Why acid is at the heart of sports giant Life Time’s growth plan

Bahram Akradi loves pickle ball.

In fact, the CEO of the Life Time fitness club chain loves the fast-growing racket sport so much that he’s making it the centerpiece of his growth strategy. Looking more like a country club than a gym, with amenities like tennis and basketball courts and even waterslides, Life Time plans to build 600 pickleball courts among its clubs. from the current 250 by the end of 2023.

“I believe pickleball will be the largest participation sport in the United States,” says the 61-year-old CEO. According to Pickleball USA, nearly 4.8 million Americans played the game last year, up 15% from the year before.

But pickleball can only take a company so far. Akradi, who founded Life Time in 1992, is doubling down on the chain’s fledgling efforts to build integrated luxury clubs and coworking spaces as it tries to fend off rivals like Equinox, among other efforts.

Life Time’s 160 centers are concentrated in Minnesota, Texas and Illinois, but it plans to expand its presence nationwide. In New York alone, Life Time plans to expand from four centers to 10 next year.

That’s a stark contrast to the company’s stance in 2020, when Life Time, like many fitness club chains, closed many locations for months due to the pandemic.

Life Time’s revenue that year fell by nearly half from 2019 to $948 million. That rose to $1.32 billion in 2021, and Wall Street expects revenue to reach $1.88 billion this year, according to data compiled by Bloomberg analyst estimates.

Akradi, a lifelong athlete who regularly leads spin classes for Life Time patrons, thinks the home workout trend will be short-lived and predicts a strong return to personal fitness classes. “Man is a social being. They need social interaction,” he says.

This interview has been edited and condensed for clarity.

Fortune: How has the fitness club industry survived the pandemic and how is your business doing?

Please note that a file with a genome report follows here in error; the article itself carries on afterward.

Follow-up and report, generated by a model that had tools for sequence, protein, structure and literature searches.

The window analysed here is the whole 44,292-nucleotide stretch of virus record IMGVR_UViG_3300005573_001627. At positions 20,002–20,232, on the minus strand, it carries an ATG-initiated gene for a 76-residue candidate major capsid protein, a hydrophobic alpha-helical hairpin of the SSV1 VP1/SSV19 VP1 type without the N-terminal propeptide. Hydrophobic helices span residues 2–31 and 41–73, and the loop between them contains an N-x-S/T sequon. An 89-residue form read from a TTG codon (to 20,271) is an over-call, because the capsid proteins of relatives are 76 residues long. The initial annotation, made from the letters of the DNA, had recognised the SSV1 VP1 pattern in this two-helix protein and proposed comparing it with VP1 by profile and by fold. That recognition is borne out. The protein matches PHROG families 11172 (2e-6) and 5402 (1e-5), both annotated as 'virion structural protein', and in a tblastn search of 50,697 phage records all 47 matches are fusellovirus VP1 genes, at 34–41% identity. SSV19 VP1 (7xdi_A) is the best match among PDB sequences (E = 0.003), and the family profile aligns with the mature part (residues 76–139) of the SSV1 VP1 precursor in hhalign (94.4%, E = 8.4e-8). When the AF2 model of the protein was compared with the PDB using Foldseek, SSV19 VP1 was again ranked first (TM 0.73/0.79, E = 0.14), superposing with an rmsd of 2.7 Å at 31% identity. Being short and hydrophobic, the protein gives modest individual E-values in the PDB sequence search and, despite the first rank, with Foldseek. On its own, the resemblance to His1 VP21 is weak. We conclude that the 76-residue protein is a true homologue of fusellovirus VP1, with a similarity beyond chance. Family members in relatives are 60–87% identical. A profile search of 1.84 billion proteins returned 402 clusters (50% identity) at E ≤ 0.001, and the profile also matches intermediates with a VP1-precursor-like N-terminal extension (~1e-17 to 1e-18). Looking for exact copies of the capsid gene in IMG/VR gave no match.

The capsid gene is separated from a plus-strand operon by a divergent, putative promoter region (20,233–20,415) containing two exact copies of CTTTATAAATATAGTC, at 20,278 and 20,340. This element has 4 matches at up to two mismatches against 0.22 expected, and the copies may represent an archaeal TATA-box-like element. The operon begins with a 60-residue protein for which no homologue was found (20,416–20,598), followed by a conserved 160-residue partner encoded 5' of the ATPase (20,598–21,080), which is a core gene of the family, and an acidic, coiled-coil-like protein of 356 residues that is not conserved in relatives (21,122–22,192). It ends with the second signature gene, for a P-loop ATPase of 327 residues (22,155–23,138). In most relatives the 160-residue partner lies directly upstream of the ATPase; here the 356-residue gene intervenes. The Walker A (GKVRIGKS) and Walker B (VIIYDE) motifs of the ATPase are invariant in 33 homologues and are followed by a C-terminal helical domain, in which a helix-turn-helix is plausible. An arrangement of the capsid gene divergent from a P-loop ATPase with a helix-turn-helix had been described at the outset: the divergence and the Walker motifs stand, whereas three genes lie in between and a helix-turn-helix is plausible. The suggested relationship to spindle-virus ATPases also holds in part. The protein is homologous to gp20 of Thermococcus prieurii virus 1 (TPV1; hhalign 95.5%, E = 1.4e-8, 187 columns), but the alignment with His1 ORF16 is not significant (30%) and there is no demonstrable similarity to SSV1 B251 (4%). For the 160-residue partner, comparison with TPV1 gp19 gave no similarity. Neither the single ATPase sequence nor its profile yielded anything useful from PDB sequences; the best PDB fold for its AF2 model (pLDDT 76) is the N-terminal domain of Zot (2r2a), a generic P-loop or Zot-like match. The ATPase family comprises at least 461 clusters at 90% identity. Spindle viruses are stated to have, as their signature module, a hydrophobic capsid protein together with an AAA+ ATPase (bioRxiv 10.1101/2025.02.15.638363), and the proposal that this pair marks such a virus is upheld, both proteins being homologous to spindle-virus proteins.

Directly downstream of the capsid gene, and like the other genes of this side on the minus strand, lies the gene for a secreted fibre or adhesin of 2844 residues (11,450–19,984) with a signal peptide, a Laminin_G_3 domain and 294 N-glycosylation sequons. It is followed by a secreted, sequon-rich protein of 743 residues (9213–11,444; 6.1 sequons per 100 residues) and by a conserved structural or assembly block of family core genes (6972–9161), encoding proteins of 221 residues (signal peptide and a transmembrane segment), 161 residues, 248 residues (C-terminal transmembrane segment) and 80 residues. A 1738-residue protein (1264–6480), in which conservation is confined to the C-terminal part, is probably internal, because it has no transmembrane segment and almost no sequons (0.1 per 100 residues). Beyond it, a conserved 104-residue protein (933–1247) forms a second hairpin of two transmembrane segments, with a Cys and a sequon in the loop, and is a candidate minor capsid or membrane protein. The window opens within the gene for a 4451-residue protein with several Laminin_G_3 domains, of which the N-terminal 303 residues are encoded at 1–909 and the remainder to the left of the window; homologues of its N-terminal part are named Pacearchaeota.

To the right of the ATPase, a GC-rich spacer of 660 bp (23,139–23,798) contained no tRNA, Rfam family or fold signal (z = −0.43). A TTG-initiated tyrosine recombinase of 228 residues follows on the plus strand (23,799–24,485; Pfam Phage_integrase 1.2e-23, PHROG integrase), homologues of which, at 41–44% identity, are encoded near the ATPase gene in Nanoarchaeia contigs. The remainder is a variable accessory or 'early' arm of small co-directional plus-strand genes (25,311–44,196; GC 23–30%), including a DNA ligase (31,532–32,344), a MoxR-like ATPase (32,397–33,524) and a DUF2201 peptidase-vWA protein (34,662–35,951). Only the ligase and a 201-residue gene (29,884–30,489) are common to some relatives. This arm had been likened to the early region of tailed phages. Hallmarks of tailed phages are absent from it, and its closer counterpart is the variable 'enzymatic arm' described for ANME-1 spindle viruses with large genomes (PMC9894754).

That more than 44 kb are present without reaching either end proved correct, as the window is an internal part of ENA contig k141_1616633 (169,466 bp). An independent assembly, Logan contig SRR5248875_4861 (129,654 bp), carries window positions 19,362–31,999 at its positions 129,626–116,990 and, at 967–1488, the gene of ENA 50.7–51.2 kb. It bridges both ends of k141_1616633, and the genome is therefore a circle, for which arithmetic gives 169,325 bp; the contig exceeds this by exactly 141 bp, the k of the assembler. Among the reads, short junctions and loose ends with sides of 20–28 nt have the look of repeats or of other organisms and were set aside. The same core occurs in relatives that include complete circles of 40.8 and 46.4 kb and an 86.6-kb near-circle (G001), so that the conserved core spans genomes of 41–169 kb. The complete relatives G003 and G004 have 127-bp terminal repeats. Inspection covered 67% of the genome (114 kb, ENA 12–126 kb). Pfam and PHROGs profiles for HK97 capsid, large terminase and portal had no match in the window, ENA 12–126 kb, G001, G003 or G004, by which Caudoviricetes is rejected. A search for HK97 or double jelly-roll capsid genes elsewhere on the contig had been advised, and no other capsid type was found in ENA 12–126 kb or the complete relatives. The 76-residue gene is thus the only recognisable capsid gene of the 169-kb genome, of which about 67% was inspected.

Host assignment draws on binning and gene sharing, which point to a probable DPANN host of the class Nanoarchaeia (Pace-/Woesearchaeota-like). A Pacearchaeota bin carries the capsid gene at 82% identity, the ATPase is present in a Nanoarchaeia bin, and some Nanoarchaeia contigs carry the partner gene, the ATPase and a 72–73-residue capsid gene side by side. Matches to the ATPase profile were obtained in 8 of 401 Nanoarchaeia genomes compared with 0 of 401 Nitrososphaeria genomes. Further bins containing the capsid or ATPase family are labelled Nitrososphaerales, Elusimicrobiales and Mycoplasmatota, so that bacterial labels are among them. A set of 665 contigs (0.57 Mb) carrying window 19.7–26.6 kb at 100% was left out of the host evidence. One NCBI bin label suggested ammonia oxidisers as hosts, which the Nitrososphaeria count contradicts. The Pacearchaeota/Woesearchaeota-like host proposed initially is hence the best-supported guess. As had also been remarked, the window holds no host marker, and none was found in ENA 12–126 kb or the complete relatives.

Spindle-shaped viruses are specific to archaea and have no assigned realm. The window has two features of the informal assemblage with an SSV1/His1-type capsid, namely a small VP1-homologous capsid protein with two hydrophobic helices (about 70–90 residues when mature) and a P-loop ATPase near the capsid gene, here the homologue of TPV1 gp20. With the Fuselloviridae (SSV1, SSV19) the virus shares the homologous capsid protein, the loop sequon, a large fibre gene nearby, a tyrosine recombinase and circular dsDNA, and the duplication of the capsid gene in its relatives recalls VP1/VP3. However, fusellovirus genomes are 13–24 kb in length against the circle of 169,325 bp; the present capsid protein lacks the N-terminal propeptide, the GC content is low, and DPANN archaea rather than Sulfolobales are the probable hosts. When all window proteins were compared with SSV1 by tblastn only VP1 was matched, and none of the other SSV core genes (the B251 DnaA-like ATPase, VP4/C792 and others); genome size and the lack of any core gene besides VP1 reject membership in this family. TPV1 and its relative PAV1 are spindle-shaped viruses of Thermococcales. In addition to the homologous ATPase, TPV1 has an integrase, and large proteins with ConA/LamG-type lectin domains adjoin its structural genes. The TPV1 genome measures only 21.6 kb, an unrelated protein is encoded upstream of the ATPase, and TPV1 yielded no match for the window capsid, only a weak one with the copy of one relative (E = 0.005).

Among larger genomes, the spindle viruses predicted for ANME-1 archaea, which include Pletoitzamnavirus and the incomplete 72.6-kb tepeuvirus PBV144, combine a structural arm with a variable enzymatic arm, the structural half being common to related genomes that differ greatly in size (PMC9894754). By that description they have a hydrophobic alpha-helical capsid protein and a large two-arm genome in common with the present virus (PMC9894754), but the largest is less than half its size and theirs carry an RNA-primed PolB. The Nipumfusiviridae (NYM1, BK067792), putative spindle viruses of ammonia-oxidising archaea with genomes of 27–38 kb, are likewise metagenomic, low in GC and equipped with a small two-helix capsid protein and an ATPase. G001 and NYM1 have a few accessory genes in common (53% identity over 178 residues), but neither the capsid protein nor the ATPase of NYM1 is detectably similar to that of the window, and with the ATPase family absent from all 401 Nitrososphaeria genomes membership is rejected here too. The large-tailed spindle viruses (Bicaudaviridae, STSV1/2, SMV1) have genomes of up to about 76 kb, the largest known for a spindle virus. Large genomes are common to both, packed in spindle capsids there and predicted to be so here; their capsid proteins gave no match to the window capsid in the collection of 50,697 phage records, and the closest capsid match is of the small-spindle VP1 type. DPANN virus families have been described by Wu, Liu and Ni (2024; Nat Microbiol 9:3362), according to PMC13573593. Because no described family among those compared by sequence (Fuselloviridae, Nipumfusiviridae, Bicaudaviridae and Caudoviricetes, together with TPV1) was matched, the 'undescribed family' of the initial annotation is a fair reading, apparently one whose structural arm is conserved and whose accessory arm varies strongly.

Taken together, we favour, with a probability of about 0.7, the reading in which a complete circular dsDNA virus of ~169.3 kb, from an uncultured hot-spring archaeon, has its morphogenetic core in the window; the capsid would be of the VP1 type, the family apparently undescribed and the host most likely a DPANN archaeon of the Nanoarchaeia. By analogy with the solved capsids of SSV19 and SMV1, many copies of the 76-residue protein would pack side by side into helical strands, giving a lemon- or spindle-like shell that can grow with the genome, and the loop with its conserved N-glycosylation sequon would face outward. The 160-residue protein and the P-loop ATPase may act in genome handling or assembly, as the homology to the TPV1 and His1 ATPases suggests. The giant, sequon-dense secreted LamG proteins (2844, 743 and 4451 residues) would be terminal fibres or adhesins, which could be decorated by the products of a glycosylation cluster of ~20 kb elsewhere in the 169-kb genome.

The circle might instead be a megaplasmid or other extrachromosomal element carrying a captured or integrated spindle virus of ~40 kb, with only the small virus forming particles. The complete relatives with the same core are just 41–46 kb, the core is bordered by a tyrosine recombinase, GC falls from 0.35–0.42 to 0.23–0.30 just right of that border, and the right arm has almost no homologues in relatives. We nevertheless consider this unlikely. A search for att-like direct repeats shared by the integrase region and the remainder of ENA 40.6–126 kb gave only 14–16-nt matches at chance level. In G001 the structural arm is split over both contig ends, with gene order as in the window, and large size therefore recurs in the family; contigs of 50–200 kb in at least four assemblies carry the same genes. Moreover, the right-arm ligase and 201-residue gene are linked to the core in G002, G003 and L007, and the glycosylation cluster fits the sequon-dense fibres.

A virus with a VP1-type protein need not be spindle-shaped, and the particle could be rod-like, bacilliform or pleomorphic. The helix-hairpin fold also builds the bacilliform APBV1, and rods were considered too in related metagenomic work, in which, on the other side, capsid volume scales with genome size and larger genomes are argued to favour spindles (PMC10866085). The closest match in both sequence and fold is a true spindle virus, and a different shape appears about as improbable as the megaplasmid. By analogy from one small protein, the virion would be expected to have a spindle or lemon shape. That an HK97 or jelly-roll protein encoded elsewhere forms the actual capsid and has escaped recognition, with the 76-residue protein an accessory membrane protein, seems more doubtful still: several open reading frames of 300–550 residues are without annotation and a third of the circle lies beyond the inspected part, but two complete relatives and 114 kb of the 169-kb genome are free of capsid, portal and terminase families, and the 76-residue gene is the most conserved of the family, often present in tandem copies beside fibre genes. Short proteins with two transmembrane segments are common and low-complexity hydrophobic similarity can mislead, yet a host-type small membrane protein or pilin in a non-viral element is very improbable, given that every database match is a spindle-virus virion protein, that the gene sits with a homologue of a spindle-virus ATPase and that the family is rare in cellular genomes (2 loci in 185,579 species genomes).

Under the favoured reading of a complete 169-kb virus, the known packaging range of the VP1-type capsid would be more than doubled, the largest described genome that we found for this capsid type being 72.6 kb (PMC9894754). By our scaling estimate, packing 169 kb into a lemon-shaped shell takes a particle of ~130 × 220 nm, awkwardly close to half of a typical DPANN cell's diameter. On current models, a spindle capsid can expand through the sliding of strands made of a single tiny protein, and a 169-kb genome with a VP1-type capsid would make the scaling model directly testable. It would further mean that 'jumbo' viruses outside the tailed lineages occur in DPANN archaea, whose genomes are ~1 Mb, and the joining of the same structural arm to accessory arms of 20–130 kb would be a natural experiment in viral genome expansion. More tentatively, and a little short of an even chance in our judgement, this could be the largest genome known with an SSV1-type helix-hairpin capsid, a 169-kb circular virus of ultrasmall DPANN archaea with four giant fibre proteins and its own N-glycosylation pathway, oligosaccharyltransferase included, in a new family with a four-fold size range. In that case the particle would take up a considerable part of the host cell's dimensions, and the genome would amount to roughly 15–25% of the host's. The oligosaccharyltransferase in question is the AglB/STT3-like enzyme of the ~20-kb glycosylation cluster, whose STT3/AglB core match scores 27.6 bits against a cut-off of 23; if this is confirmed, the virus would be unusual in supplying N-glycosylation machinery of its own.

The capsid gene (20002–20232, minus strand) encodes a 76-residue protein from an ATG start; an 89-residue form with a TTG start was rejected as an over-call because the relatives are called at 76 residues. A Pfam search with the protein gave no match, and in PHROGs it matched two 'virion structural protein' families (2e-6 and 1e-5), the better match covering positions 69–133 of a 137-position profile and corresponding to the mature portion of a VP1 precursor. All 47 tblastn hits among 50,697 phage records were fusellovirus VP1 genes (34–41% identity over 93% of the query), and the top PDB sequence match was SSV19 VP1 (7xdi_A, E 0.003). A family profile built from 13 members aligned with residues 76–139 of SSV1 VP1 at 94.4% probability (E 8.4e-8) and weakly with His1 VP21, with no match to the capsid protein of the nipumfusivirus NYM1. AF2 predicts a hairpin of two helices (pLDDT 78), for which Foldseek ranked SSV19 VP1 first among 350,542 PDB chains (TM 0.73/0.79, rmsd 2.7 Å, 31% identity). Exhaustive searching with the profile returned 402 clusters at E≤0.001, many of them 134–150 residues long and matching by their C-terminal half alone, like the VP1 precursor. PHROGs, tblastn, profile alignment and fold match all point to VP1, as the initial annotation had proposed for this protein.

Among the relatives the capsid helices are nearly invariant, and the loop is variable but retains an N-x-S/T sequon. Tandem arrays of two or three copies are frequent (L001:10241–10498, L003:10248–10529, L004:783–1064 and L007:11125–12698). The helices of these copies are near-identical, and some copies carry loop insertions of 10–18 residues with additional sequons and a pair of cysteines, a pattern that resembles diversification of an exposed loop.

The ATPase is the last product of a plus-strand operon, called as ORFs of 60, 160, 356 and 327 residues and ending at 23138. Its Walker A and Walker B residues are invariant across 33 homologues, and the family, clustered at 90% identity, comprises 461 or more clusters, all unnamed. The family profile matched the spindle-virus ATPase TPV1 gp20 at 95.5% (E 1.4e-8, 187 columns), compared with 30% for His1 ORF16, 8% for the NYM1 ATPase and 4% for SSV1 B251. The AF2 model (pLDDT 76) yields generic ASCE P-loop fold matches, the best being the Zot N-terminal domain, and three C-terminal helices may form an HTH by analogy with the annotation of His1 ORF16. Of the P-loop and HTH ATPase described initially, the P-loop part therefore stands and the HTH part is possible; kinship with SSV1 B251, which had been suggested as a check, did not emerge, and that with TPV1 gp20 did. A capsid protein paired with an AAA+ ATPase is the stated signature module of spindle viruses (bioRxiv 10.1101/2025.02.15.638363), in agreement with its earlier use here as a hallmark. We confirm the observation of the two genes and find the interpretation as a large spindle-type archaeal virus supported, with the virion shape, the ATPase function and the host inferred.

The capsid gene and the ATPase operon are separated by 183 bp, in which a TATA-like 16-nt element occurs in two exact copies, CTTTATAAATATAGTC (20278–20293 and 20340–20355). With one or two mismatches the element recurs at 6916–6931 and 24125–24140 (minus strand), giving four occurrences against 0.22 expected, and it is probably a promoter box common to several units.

Akradi: If all you care about is pure exercise, then fitness is already a commodity. You can do it anywhere. You can do this in a hotel room, office buildings and residential buildings. But if you look at the sports country club environment, the social aspect of beach clubs, the value of our business, hasn’t changed at all. Our cafe and bistro revenues are higher than before the pandemic.

What sets you apart from competitors like Equinox or even Planet Fitness?

Country club culture is not gym culture. If you go to Garden City [Long Island] or if you go to Westchester, New York, you will find that there is no comparison between Lifetime and Equinox. They are not in our space. They are not our competition. They compete with 25% to 30% of the width we offer. For example, our clubhouse in Brooklyn is 88,000 square feet with a basketball court and a full-size swimming pool.

Are you positioning your high-end gyms as a solution for mall developers looking to move their rental makeup away from department stores?

We have been doing this for the past six years, negotiating and working as partners with some of the biggest mall developers such as Simon Properties and GGP (now part of Brookfield) and have attracted large format clubs. We attract people with a median household income of 150% of the median household income of the general surrounding area.

Life Time is expanding its presence in the co-working space sector with nine locations and four more coming soon. Wouldn’t that put you in direct competition with WeWork, which is led by your ex-employee? Sandeep Mathrani?

I want you to understand that Sandeep, the CEO of WeWork, is a great friend of mine. I will be quite bold and the only reason the company is still standing is because Sandeep went to it. He knows what he’s doing. He is a professional. When we add co-working spaces to our sports club or country clubs, we do something different. We really don’t have a head-to-head competitor in this category. But we are not going to take Sandeep and WeWork. That was never the intention.